Berling Rides Comeback Trail All The Way To South Africa

By Doug Williams | Aug. 29, 2017, 4:50 p.m. (ET)

David Berling, pictured at the 2016 U.S. Paralympics Cycling Time Trial in Charlotte, North Carolina, will compete at his first world championships Aug. 31 - Sept. 3 in South Africa.

David Berling thought his season was over.

After competing in three UCI Para-cycling world cups this year and the national championships, the handcyclist was ready to dial back a little and start thinking about 2018.

Instead, Berling decided to line up for one more race at the qualifying time trial for the U.S. national team and is now in South Africa, ready to compete in his first UCI Para-cycling Road World Championships in Pietermaritzburg.

Berling — a retired Air Force captain who lost his legs in a 2007 crash of his private plane — reaped the dividends from extending his season and was named to the 22-person team for the world championships.

“It was pretty much shock,” said Berling, of his reaction to being selected. “A couple of the guys I talk to often Facebook messaged me and said congratulations, and I said, ‘I still can’t believe my name was on the roster.’”

Berling, who lives in Avondale, Arizona with his wife Melissa, was excited to accept the invitation. Berling will compete in both the time trial and road race in Pietermaritzburg.

Berling won the time trial at this year’s national championships and competed in both events in three world cup outings this year in Italy, Belgium and the Netherlands, where he finished as high as fourth place. Berling ranks 11th in the world this year in the H5 class. Teammates Frieddie De Los Santos and Oscar Sanchez are third and 12th.

Berling had made it a goal to ride for Team USA, but has hit some roadblocks the past two years. In 2016 he attended a U.S. talent development camp and was scheduled to ride in a world cup event in Belgium, but then suffered a setback that required surgery and a long hospital stay.

Then, in January of this year, he was hit by a car while training near his home in Avondale. He suffered eight broken ribs, a punctured lung and bruised lungs. He was back on his trainer about two weeks after that accident and back on the roads two weeks later. He won the national time trial title in the spring, yet it took a long time for the ribs to heal. Berling could feel his endurance and strength wasn’t up to par.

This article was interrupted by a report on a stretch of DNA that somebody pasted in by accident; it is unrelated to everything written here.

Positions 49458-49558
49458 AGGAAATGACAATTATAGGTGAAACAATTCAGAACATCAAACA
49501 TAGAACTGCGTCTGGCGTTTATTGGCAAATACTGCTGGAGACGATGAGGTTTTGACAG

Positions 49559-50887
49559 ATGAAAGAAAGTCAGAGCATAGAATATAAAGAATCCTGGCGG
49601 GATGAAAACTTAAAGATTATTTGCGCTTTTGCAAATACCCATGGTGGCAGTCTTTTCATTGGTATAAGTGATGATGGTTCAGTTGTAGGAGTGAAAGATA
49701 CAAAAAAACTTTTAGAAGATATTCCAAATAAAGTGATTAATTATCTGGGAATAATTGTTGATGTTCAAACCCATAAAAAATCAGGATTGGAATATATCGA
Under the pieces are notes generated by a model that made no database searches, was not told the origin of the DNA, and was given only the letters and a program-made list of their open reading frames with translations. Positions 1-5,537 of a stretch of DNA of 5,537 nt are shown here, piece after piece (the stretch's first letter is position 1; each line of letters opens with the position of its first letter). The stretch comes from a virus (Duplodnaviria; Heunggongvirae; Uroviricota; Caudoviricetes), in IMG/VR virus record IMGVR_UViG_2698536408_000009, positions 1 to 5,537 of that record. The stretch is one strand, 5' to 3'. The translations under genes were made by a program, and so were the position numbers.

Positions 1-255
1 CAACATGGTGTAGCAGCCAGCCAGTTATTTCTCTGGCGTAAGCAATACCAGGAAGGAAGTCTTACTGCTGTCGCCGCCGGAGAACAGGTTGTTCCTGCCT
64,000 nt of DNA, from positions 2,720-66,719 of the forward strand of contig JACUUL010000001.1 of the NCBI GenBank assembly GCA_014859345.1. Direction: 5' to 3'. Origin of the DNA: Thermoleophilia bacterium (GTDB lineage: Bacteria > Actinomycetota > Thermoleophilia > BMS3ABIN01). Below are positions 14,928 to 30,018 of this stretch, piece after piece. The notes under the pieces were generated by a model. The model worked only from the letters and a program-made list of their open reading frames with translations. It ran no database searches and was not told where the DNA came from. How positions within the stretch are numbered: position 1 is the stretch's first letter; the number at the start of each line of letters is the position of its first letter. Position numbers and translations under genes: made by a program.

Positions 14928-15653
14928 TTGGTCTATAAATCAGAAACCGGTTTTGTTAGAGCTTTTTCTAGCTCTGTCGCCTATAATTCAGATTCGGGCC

“About the last four rides that I’ve had here leading up to the world championships are the first ones where I haven’t felt pain in my side,” said Berling before he left for South Africa. “So I’m thinking I’m getting close.”

Berling isn’t putting to much pressure on himself for his world championship debut.

“I’m just going to ride as well and as fast as I can and see where everything shakes out,” he said. “I don’t have expectations. I would like to continue to improve where I’ve been finishing and try to beat the next guy out, keep picking off the people that have been finishing ahead of you, one by one.”

Before the crash in 2007 that required the amputation of his legs above both knees, Berling hadn’t been a cyclist. His sport was tennis, plus he regularly trained with weights and ran to stay in shape to meet his Air Force fitness standards. It was only in late 2014 that Berling took up handcycling.

His No. 1 goal had been to be picked up by the U.S. national team. Done. His No. 2 goal is to become a permanent member of the U.S. team. His longer-term goal is to qualify to represent the U.S. at the Paralympic Games Tokyo 2020.

For now, though, Berling is eager to make the most of this surprise extension to his season and wear the USA jersey for the first time.

“I said to my wife, I haven’t donned a jersey or uniform this important since I put on the U.S. uniform for the armed forces, my Air Force uniform,” he said.

Doug Williams covered three Olympic Games for two Southern California newspapers and was the Olympic editor for the San Diego Union-Tribune. He has written for TeamUSA.org since 2011 as a freelance contributor on behalf of Red Line Editorial, Inc.